Legitimate Questions – Sunday Business Post – Garda Commissioner Drew Harris

As published in Sunday Business Post – Sunday 16th. September 2018

Legitimate Questions

The arrival of Commissioner Drew Harris has been somewhat of a media fest. He has conducted himself very competently as one would expect from a senior British police officer. Indeed he and his family have been wished well from all sides including by the Garda Retired Association (GSRMA). Surely this approach is no more than good old fashioned common courtesy requires.

There are legitimate questions to be asked of him and indeed of the government. In some instances these questions can be uncomfortable but they certainly require direct answers. His testimony to the Smithwick Tribunal in 2012 is one such instance where amongst other allegations he said the following, “Separate intelligence indicates that a senior AGS member in Dundalk provided the IRA with the intelligence that enabled PIRA to murder Chief Superintendent Breen and Superintendent Buchanan.”

This is a murder indictment of unnamed Gardaí who were attached to Dundalk station on the 20th March 1989. In simple terms the question for Mr. Harris is whether or not he stands over this and other allegations made at the same time? His response and that of other officials is that Judge Smithwick has spoken and that really is the end of that matter. This is not the question which is being asked.

Now it should be appreciated that the Smithwick Report was not debated in Dáil Eireann as was required. The conclusions of report itself are self-contradictory and puzzling because the Judge also said that “the Tribunal has not uncovered direct evidence of collusion” … and that “The intelligence material is in no way conclusive or determinative of the issues before me” … Nevertheless he went on to make a general and inexplicable finding of collusion and he relied heavily on the evidence of the then Assistant Chief Constable Harris.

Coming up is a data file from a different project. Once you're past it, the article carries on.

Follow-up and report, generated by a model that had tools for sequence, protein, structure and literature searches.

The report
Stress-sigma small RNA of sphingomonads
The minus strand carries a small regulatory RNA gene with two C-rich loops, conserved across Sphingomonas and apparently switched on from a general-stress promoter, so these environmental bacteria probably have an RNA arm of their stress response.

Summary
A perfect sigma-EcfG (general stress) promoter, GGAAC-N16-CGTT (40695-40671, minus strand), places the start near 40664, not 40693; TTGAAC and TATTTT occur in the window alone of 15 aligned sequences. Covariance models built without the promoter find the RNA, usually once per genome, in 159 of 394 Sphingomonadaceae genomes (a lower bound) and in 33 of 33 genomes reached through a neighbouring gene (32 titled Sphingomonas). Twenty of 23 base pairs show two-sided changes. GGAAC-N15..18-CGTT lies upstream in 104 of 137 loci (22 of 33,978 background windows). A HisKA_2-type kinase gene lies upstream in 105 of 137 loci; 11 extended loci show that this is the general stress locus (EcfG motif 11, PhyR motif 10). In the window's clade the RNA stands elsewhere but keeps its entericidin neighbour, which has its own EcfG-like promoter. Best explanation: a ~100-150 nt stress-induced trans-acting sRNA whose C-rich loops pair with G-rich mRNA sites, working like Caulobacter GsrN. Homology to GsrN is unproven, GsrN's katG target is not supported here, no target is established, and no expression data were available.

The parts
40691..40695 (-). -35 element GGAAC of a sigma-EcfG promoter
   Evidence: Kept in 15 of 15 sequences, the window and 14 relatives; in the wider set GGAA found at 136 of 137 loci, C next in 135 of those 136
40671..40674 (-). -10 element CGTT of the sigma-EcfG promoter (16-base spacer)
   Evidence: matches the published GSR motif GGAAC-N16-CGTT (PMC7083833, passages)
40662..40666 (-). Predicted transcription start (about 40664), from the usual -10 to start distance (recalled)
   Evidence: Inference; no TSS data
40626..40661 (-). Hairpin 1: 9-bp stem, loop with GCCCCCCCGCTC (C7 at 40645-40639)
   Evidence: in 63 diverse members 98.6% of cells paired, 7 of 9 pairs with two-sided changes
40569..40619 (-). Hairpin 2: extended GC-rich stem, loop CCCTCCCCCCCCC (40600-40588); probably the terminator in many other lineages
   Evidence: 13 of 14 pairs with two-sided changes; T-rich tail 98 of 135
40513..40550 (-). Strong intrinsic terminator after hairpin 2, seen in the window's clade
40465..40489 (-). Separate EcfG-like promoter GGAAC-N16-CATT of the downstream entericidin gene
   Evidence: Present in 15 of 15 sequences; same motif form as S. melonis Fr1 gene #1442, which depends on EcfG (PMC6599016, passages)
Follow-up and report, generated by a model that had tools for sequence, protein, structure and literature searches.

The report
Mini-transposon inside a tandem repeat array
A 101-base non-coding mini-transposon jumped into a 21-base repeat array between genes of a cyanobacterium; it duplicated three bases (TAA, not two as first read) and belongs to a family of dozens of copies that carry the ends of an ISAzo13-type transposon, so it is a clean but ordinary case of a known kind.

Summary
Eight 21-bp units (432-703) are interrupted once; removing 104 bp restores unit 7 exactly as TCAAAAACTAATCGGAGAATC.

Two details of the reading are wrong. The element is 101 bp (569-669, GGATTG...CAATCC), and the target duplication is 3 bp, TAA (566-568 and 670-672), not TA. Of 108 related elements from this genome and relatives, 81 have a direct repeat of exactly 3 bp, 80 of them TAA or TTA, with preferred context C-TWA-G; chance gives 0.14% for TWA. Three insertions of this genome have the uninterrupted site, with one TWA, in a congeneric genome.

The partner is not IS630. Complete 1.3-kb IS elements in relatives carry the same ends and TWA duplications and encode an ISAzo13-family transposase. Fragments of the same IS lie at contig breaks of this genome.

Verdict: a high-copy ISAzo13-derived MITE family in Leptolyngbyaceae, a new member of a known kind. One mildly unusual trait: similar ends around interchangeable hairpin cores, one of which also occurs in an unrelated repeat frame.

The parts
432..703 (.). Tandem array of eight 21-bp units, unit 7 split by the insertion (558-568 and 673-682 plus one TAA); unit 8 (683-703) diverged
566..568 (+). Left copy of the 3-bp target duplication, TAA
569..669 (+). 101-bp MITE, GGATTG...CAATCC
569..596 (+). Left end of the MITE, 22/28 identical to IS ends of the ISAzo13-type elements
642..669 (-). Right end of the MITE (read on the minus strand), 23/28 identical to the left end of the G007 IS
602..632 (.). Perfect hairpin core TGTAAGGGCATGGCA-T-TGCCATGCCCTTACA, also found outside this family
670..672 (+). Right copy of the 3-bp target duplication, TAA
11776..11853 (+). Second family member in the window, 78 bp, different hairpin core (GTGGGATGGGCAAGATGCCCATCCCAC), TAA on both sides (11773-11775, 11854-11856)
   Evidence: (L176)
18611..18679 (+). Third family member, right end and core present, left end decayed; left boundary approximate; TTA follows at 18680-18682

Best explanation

Mr. Harris refused to provide the provenance of his allegations to the tribunal and that was a departure from previous practice . He has said in the course of recent media interviews that he has no further information to share with the southern authorities, well clearly he knows the provenance of his testimony to Smithwick. Definitively he has a duty to disclose that information now and to pursue a criminal investigation of the alleged wrongdoers.

He is well aware of the robust efforts undertaken by his retired colleagues of the RUC to defend themselves against claims of “collusion” in that jurisdiction. He should expect no less from retired member of the Garda Síochána.

Perhaps it is now long past time that the Smithwick Report should be debated in the Dáil where all the issues can be ventilated once and for all. Indeed the Justice committee could play a very useful role in that regard.

In fairness to Mr. Harris these allegations should be put to bed once and for all otherwise they will surface repeatedly. That prospect cannot be good for the reform agenda or indeed for the recommendations of the Commission on the Future of Policing.

The government need for their part to explain definitively what security vetting process was undertaken in the course of the competition for the new commissioner. The chair of the Policing Authority claimed that the Department of Justice did it and the Minister for Justice claimed the Gardaí did. There is no system of “Developed Security Vetting “in place here, so how was this possible?

The Policing Authority at whose behest the competition was organised do not have legal competence in the area of security and yet they undertook to fill the post of the Head of Security in the Garda Síochána.

How does this seem a reasonable proposition?

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